I’m an obsolete

I’m an obsolete
the antonym of athlete
because I don’t like rambunctious people

I remember the days
of polite swallows
of teas and crumb-cakes,
when men wore fedoras,
as handsome on their heads outside
as on the hat-rack in our foyer

and you had to admire the way
they’d open the door of their automobile
and wait for a lady to seat herself
before gently closing the door
and driving us to the Palladium Ballroom

now I sit by the pond in my garden,
left fallow in my obsolescence,
so I ring the bell to summon the nurse
for my pills and some pleasant conversation

/ / /

This poem was written in response to Wordle 25 at The Sunday Whirl.

I’m raising funds for The Office of Letters and Light, the nonprofit organization that sponsors National Novel Writing Month in November. Please check out my Night of Writing Dangerously post, or check out the sidebar note between the two NaNoWriMo web badges. I’m one-third of the way to my goal!

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18 thoughts on “I’m an obsolete

  1. How wonderful it must have been inthose old days when men wore fedoras and when tea and crumb cakes were served! I like your completion, Richard. You have an interesting perspective.

  2. Ok…from the strictly wordle perspective, I absolutely LOVE that you used swallows in a way other than the birds. I thought about it as a verb the first time I read the words.

    From the standpoint of just liking words…I plain ol’ loved “obsolescence.”

    And from the poet’s vantage point…what a picture you’ve painted! As I’ve shared before, I often write to describe the image that’s popped into my head. Reading your words is like the reverse…I read the words and let them paint the picture. You included good details that helped me see this man as he was…and as he’s become.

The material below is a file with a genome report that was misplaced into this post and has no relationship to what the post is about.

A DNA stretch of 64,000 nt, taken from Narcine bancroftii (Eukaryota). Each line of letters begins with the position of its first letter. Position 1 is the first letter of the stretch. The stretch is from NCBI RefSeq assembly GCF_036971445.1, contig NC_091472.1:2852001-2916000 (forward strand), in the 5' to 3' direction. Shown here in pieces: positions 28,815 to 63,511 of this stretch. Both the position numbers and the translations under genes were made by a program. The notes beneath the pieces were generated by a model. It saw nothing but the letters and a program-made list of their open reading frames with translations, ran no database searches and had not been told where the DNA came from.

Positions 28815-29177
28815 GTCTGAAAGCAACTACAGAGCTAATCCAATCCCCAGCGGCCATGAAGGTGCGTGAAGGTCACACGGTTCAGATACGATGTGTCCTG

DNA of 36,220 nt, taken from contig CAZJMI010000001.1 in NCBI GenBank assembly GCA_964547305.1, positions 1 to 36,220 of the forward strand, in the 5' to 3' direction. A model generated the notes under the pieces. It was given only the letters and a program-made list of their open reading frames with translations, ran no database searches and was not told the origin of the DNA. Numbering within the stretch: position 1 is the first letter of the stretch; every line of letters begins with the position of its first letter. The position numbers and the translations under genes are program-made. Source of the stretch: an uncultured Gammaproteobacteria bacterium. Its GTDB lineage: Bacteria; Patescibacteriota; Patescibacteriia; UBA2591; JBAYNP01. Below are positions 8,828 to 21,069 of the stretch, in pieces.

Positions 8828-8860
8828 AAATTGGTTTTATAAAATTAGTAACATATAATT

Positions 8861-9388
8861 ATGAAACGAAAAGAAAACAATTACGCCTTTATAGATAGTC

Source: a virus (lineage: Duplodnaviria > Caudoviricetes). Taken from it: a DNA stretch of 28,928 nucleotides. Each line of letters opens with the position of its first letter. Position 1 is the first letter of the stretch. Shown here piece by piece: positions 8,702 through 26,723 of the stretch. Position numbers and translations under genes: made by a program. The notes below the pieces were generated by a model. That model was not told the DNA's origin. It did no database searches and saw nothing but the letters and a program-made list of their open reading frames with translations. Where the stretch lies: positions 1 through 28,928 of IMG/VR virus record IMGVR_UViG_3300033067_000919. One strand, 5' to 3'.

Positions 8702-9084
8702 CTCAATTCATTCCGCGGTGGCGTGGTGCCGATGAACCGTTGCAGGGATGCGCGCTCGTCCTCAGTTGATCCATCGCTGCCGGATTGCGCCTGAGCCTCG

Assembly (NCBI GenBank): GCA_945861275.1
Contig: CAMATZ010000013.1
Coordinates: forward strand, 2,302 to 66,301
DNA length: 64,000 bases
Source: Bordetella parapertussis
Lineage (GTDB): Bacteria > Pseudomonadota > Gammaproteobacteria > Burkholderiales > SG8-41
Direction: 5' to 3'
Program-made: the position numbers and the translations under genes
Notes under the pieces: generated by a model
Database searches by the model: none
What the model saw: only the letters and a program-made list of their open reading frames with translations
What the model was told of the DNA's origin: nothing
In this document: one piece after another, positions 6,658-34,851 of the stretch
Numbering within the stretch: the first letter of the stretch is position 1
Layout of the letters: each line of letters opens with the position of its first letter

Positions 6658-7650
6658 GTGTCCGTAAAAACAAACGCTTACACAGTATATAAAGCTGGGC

Oh…and as your friend, I’ll say: Yay, you!! 🙂

    ~ Paula

    • Paula, thanks. I’m always looking at those words to see if there’s a different way to use them. I’ve long been fascinated with words with multiple meanings and different parts of speech. It’s the teacher in me, I guess.

      Yeah, isn’t “obsolescence” just a beautiful word?

      I’m glad the words helped you paint a picture. Thanks for that.

      Richard

  3. Excellent write, Richard. It was hard for me to picture you not liking rambunctious people, but then it quickly became clear this was not you, but a character sketch. You’ve captured an old person, lost in thoughts of a life that’s sadly misplaced in old age.

  4. I’m running late again, Richard. I had to reread your poem to figure what you used to indicate advanced age so quickly. Obsolete was obvious, but I first thought it was a joking reference; however, when I saw fedoras and manners, I knew you were talking of the past–and obsolescence, that’s just beautiful.

    • Mike, thanks. I was worried that the first stanza, being self-deferential and joking, might not flow smoothly into what followed, but glad it cleared up on a re-read.

      Richard

  5. I like the way you got inside the head of this character, I didn’t see the wordle words but I was waiting for ‘convalescence’ , but perhaps there’s no way back from obsolescence,

    Well told!

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